Ode to Joy

Sean Dorsey's Lou rises above, aches with beauty and grief
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REVIEW Sean Dorsey's new Lou is a gem. Deeply felt, splendidly shaped, Dorsey's most ambitious project yet tells a tale of vulnerability, passion, joy, and transcendence. It's the story of one human being: transgendered writer, lover, and poet Lou Sullivan, who died in 1991. Dorsey, who was born a woman and lives as a man, used Sullivan's extensive archives to create a portrait of a man who had the bravery and persistence to do what he thought was right, not only for him but others. Isn't that what the mythic heroes used to do — slay the dragons within and without? Read more »

Gloves on

Leslie Seiters keeps in close contact with the mundane and magical
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PREVIEW Leslie Seiters entered college as a visual artist — and left it as a choreographer. Or at least that's what her MFA diploma from Ohio State University says. Seiters prefers to call herself a director. "I am allergic to 'choreography,'<0x2009>" she says from her home in San Diego. "When something looks 'choreographed,' it turns me off."

Seiters, who lived and worked in the Bay Area between 2002 and 2007, has nothing against the craft of choreography, of course. In fact, her own works are exquisitely crafted. Read more »

"Japan Dance Now"

Edgy and sophisticated new dance highly influenced by electronic media
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PREVIEW What does avant-garde Japanese dance look like? Butoh is 40 years old. Eiko and Koma have been working their version of slow dancing for three decades. What about dancers who have grown up in a high-tech, high-velocity, video-drenched urban environment? We at least get glimpses of the movies, comics, and pop music that are part of their lives. Once in a while, a company like the Condors will come through town on their way to somewhere else. Read more »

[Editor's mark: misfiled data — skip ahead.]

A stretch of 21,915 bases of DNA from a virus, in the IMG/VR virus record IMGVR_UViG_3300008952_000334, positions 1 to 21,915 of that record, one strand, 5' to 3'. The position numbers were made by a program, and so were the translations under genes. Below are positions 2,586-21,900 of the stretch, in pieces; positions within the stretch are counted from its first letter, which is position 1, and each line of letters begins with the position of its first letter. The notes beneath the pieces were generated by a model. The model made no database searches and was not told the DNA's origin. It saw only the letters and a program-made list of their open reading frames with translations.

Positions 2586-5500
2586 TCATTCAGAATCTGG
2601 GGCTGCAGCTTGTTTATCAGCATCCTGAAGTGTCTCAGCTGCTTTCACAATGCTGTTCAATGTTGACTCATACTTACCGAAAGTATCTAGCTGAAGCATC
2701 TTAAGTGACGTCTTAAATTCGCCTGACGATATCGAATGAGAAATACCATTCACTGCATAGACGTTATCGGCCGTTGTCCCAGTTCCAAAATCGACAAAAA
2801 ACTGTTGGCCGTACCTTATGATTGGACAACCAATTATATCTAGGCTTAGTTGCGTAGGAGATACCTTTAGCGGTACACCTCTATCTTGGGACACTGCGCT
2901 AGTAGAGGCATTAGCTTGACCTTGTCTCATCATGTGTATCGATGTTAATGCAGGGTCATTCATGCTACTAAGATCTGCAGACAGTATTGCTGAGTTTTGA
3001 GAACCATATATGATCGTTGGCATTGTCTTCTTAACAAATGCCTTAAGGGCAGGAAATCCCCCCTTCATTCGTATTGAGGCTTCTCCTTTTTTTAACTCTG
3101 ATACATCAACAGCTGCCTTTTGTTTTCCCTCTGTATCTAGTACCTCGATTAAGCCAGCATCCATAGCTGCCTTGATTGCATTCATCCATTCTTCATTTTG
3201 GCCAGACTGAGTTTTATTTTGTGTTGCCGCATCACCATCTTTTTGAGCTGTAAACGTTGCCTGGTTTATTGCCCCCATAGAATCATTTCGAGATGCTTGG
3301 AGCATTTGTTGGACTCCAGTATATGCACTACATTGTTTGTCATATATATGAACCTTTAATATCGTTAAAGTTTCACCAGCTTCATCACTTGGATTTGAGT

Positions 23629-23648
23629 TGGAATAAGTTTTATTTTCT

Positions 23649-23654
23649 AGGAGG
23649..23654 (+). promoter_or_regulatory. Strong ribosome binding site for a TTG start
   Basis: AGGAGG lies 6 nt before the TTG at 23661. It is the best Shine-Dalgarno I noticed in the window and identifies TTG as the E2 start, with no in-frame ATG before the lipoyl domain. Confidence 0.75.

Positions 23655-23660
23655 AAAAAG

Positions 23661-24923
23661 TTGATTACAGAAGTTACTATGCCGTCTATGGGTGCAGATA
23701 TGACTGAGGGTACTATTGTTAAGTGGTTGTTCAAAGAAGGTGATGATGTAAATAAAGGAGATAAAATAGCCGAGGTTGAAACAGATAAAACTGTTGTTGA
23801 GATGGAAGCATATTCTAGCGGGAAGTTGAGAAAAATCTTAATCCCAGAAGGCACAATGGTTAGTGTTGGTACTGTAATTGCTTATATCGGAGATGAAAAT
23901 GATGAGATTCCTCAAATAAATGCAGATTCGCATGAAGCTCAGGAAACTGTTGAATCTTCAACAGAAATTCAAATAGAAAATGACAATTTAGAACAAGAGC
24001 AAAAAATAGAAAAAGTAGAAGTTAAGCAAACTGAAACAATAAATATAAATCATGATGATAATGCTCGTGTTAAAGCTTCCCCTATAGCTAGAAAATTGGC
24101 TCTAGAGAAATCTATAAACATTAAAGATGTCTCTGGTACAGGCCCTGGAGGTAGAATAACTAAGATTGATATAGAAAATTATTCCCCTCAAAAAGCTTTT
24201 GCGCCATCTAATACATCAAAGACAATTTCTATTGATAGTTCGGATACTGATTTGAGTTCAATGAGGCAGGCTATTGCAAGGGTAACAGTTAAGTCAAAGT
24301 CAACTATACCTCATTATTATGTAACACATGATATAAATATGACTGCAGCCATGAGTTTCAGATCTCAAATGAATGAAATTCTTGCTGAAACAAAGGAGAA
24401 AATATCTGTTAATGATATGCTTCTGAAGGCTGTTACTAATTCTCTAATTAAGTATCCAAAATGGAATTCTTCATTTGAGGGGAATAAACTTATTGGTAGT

Fill her up

This year's Women on the Way festival sets off sparks
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REVIEW In the late 1990s, Mary Alice Fry, artistic director of the now defunct Venue 9, found a hole. She has been filling them ever since.

The January performance calendars at her theater and many other local small venues, she noticed, were empty. At the same time her curatorial experience had shown that women artists still had a harder time getting noticed than their male counterparts. Read more »

Soledad Barrio and Noche Flamenco

Powerful, intimate, theatrical dance
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PREVIEW Two years ago when Soledad Barrio and Noche Flamenco filled Zellerbach Hall to the rafters and awarded its performers with a standing ovation the likes of which Cal Performances probably had not experienced in a while, I felt very much like an outsider. Read more »